Penny Sycamore may not have any actual talent as an authoress, but she derives great joy out of writing.  Mr. Poppins quit his accountant job in part because he saw both the meaningless of it but also because he simply had no joy in his life.  Instead, he now pursues the joy he gets from making small toys, making money and having a good time in the process.

In short, You Can't Take It With You is the unofficial Sycamore motto.  If it isn't fun, why do it?  They aren't really insane (Alice points out that Grandpa makes a good amount by appraising stamp collections, for which he studied long and hard after deciding to leave his old job 'because it was no fun'); instead, they are non-conformists who see little value to money other than it provides for their needs.  They do work, but they have fun doing it. 

It's a positive message in You Can't Take It With You, one that Capra specialized in.  Capra, however, never made any character evil or heartless.  The Kirbys may come off as the antagonists, but we are allowed to see the evolution of A.P. from heartless wheeler-dealer to caring father.  Even his wife's snobbishness is played for laughs, and at the end, we get a subtle hint that maybe, in the words of Grandpa's prayer at dinner, "is finally thawing out".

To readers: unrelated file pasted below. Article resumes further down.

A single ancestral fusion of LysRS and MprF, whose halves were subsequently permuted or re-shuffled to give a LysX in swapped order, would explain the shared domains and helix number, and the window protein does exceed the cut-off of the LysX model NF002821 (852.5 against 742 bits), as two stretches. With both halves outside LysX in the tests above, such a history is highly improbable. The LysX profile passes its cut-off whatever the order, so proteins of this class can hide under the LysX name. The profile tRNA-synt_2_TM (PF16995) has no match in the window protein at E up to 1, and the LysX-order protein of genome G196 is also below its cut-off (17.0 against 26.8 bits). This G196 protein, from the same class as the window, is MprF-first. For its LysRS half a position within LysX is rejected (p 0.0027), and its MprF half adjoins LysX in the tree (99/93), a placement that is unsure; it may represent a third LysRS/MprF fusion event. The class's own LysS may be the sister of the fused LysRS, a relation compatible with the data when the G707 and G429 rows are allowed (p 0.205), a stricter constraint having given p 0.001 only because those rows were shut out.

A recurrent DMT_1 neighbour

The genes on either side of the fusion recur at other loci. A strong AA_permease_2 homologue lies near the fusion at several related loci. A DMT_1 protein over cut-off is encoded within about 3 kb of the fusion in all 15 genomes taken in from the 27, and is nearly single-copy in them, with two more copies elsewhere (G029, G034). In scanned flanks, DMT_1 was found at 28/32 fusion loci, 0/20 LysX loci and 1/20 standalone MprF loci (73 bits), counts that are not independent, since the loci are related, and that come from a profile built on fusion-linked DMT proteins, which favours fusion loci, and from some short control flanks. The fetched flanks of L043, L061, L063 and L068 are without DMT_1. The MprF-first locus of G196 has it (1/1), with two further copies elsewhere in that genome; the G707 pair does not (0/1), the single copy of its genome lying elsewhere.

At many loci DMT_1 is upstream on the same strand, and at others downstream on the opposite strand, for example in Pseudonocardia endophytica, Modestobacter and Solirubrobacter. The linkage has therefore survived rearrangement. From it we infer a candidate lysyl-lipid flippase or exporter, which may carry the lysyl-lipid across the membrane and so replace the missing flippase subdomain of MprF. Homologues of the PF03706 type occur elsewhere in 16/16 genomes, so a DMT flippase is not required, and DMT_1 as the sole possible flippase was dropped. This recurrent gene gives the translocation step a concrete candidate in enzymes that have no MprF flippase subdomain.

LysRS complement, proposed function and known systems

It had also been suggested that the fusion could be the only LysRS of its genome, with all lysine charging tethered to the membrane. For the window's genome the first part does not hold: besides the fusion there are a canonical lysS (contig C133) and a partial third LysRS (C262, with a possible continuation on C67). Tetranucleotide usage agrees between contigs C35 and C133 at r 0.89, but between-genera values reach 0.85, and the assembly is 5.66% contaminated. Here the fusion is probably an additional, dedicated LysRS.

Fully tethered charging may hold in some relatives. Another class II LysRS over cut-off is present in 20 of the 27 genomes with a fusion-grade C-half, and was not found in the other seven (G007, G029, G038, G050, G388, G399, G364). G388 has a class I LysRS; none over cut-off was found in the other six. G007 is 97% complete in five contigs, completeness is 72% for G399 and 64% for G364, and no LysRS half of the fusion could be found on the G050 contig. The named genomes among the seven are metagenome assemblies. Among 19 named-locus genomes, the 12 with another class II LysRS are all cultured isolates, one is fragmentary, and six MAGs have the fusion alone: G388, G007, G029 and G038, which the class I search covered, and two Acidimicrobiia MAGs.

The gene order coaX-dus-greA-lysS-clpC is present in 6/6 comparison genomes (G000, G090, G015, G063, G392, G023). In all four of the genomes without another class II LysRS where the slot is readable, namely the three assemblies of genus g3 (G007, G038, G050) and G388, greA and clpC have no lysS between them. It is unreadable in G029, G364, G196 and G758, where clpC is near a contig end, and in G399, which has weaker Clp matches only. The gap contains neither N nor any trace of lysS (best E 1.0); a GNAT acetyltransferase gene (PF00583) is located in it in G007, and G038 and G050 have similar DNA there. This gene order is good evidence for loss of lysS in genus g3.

The performances Capra got are all first-rate.  Byington (who received a Best Supporting Oscar nomination) was delightful as the slightly addled but always chipper Penny, who was well-meaning, kind, but fully aware how her family's activities might look.  Her scene when she finally has to face that she will leave the house she has lived in and loved is heartbreaking.  Barrymore is also a delight as Grandpa, who has decided that life is not worth living if one can't have a good time and help others along the way.  He also doesn't see any reason to pay income tax, not because he wants to hold on to his money, but because he has the temerity to want to know exactly what the government is going to do with it.  He doesn't object to paying, he merely shall we say wants a receipt.